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Have You Considered These Medical Equipment Planning Basics?

Medical equipment planning and layout design are one of the trickiest parts within the hospital design process and as such demand a thorough consideration of all aspects.

Each clinical space is woven around how clinicians interact with the equipment and the patients. It takes into account the universal principles of infection control, general hygiene and ease of maintenance and cleaning. This is the common sense stuff with things like locating wash hand basins near the entrance to remind medical staff to wash hands before and after interacting with the patients.

Medical equipment, fittings and fixtures layout follows the work flow and must separate the “dirty” and “clean” zones.

Height of hospital equipment, shelving and layout should allow easy access to hospital staff of an average height. The same goes for all diagnostic units, which should be suitably adjustable to cater to all heights/sizes of patients.

While a great majority of medical equipment is easy to relocate through attached wheels, this is not the same for larger medical equipment units such as MRI’s, and CT scanners parts of which are bolted to the floor or wall. Access and egress are both important. So thought needs to be given not just to facilitate the initial arrival and installation of these large/oversize medical units before the last wall is built, but also how to remove the equipment when it needs servicing or decommissioning and replacement. It pays to consider if these big units can be dismantled into smaller modules and whether the equipment can pass through the corridor corners? Are any trolley options available? Is the door large enough to accommodate easy passage of these units? Does it need to go in a lift? If yes, are the service lifts large enough to cater to the size and weight?

Over and above the size/movement aspects of large hospital equipment, building structure is another aspect to consider well before the construction starts. The hospital X-ray unit, for example needs steel in the ceilings to provide the ceiling tracks on which the X-Ray head is mounted. Slab deflection and vibration requirements should be established with the equipment providers.

Continuing with the example of the X-Ray, the X-Ray table, the head on the gantry, the wall mounted bucky, the control console and the generator all need services and floor trunking dimensions and locations should be provided to the structural engineers to plan that before the concrete is poured. Otherwise cutting out the trunking will be an expensive and time consuming job. Worse still the steel mesh may not allow you to cut the floor as it will compromise the slab stability.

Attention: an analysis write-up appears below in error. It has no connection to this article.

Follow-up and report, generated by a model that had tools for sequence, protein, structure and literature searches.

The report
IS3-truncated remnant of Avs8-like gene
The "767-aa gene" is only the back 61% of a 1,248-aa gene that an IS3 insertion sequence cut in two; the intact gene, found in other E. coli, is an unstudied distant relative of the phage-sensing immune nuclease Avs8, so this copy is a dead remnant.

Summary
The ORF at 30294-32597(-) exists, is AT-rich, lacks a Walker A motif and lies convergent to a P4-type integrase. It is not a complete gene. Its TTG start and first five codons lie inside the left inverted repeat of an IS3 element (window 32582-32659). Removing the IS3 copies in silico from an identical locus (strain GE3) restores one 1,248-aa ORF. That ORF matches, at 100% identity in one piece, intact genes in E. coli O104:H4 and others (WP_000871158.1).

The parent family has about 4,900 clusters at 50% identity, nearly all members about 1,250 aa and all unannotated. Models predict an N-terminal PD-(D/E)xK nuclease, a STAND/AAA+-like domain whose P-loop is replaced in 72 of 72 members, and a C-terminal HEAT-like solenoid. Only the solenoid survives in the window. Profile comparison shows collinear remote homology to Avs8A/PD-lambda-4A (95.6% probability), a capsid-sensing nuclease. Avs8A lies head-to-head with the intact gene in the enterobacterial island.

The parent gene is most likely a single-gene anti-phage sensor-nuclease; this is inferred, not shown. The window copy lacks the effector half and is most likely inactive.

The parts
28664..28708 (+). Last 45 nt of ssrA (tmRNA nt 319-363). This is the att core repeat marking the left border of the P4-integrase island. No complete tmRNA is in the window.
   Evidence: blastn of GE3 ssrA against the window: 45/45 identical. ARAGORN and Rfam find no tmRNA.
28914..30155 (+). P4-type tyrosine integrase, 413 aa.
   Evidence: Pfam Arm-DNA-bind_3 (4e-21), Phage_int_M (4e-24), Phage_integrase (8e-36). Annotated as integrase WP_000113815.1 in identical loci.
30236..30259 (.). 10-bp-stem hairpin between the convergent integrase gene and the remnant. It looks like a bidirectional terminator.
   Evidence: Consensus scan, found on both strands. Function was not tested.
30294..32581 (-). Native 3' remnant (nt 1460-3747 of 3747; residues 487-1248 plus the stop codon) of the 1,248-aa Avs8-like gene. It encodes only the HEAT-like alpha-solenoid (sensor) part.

Special hospital equipment also gets installed in stages, such as the theatre pendant and lights; the suppliers normally issue the steel plate at the construction stage which should be bolted to the concrete ceiling. The rest of the services and pendant is built just before the false ceiling goes up. For security reasons, the doors and locks should be installed to the rooms but decoration outstanding otherwise the builder may have to go back in to touch up and fix any scratches and broken items.

Likewise most advanced lasers and radiation equipment require interlocking doors as a safety measure, which is automatically turned on before switching on the said units, in addition to the warning lights outside the room.

The above discussion caters to the basic requirements only, should you desire to protect your huge investment in an upcoming hospital project it is a must that you have an experienced design manager on board while appointing the lead architects.

This is where we come in. We have worked with clinical, architectural, civil, structural, MEP, landscape, interior and other designers, engineers, medical professionals, authorities, medical equipment manufacturers and many many other entities over the years and can save you a lot of time, money and hassle but guiding you through our advice, reviewing your designs, pointing you in the right direction or whenever you have a question or at a crossroad and need pointing in the right direction. So come talk to us!

 

About the Author:
Harry McQue is a hospital Design & Equipment Manager with Post Graduate degrees in business management and information technology. Harry has 20+ years of international experience ranging from working on hospital projects in Dubai (Middle East) to over £1 Billion hospital projects in the UK & Europe. You can benefit from his experience at: www.hospitaldesigntips.com. If you have current or upcoming projects big or small or  topics that you would like his advice on, you can get in touch via the Contact page.

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